Home > Papers from 2013 > Away from the beaten track.

Away from the beaten track.

We have excellent descriptions of the navigational behaviors of solitary foragers, such as desert ants. We also have good descriptions of the collective properties of foraging within networks of pheromone-trails. An emerging area of research lies at the intersection of these topics, where we can ask questions about how individuals integrate their personal navigational knowledge with that provided by trails. In this paper, Offord et al. investigate the homing of harvester ants. These ants are interesting because foragers follow a trail for a time before a period of off-trail solitary foraging. Ants from on- the trail, and off-the trail were taken to a novel (clean) release site and their paths recorded. Interestingly, only the off-trail ants showed purposeful departure bearings and they headed in a direction that would have taken them back to trail from the location where they were captured. The absence of useful visual information indicates that these bearings are driven by compass information. One has to then ask why the on-trail ants didn’t show bearings that were nest focused. One possibility is that ants only “switch-on” their path integrator when they leave the trail network, thus its origin is the trail rather than the nest. Certainly, this system is likely to prove an interesting way to investigate interaction between individual and social information.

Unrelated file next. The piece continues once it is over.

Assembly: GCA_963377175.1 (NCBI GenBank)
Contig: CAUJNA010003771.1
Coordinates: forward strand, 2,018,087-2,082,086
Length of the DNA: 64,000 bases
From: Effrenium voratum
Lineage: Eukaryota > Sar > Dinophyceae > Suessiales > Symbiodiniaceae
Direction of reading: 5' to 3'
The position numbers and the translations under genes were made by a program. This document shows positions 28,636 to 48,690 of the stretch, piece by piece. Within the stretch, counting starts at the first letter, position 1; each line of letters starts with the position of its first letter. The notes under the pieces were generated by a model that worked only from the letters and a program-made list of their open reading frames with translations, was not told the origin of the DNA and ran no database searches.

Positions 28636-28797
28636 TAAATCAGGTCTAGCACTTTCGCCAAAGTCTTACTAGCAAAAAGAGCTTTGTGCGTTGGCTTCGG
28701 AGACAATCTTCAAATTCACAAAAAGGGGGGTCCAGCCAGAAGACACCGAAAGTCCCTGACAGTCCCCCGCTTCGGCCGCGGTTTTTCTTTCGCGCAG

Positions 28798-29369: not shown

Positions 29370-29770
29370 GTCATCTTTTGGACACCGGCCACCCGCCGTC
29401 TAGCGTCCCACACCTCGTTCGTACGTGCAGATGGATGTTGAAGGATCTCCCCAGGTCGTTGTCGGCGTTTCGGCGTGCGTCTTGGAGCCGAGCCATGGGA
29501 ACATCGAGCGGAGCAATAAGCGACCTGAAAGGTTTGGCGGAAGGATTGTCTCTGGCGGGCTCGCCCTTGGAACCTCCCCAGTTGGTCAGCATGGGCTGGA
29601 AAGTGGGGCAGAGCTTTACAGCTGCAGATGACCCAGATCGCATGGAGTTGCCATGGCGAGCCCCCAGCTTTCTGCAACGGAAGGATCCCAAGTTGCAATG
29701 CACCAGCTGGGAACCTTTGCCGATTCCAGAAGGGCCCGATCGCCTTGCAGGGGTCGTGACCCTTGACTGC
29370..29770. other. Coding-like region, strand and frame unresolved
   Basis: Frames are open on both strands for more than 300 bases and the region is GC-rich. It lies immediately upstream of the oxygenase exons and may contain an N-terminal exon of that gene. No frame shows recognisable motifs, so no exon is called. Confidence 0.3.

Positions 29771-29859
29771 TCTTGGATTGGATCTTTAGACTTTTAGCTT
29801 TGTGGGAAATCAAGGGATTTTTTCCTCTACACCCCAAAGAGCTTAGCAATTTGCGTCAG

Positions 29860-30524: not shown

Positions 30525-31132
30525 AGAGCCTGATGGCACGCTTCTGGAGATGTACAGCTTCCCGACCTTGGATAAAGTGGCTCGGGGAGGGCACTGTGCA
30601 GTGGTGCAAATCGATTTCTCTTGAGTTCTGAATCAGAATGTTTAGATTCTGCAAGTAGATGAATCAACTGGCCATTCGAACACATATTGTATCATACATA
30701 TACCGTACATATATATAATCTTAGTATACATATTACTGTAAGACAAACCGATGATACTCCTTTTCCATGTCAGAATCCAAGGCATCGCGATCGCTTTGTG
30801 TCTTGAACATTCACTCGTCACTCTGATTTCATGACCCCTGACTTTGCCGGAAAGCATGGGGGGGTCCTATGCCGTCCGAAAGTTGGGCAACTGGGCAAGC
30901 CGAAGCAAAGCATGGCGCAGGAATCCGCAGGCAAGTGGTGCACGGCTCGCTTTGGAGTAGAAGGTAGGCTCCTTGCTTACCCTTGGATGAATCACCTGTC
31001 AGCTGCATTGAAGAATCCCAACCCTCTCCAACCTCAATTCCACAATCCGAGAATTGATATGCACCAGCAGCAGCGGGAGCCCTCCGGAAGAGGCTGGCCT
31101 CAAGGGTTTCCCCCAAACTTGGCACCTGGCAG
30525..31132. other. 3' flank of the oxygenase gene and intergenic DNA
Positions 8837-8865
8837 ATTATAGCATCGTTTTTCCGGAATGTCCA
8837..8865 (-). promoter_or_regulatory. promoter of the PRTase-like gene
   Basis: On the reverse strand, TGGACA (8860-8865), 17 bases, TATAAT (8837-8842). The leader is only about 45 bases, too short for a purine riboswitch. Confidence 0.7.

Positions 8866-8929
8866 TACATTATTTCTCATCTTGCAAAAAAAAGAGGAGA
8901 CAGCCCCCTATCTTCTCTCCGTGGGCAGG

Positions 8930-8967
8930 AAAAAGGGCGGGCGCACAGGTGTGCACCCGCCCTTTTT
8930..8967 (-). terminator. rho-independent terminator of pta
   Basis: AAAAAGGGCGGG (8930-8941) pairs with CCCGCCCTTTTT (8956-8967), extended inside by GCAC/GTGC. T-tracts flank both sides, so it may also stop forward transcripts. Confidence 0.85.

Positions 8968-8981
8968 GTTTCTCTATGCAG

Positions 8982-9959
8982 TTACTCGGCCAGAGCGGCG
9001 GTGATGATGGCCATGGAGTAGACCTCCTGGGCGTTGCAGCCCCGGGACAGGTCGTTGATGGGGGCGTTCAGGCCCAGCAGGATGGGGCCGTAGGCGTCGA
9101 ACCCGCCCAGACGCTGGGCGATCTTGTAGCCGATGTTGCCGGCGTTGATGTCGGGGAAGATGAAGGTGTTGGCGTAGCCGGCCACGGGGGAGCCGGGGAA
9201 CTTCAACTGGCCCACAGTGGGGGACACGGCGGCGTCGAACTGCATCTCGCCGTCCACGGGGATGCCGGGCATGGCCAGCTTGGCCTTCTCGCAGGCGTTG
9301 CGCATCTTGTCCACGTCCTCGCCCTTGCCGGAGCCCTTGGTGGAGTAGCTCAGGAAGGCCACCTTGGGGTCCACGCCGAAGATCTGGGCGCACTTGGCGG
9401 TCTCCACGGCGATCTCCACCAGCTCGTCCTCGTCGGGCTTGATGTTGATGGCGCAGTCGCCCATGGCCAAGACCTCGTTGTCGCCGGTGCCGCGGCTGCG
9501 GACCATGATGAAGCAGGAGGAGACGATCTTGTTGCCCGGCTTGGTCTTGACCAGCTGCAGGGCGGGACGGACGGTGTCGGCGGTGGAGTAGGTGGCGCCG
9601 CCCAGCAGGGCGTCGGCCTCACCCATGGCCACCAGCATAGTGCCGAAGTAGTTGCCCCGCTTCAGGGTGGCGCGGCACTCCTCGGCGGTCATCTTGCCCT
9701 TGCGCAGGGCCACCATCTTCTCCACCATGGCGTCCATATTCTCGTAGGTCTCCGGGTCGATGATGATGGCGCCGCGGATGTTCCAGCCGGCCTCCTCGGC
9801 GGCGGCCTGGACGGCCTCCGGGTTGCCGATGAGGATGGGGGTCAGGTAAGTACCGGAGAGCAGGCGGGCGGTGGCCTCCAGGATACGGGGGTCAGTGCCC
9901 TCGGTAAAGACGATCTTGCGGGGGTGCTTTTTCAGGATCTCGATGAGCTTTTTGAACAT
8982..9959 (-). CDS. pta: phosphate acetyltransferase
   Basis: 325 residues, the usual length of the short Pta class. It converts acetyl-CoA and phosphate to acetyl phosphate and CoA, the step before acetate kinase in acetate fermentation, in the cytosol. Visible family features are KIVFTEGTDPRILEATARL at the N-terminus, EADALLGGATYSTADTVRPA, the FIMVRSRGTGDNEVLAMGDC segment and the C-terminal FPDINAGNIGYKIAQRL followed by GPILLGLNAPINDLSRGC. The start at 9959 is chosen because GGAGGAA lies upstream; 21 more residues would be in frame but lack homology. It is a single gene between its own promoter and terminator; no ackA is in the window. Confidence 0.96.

Offord, C., Reda, K., & Mateevitsi, V. (2013) Context-dependent navigation in a collectively foraging species of ant, Messor cephalotes. Insectes Sociaux.

Categories: Papers from 2013
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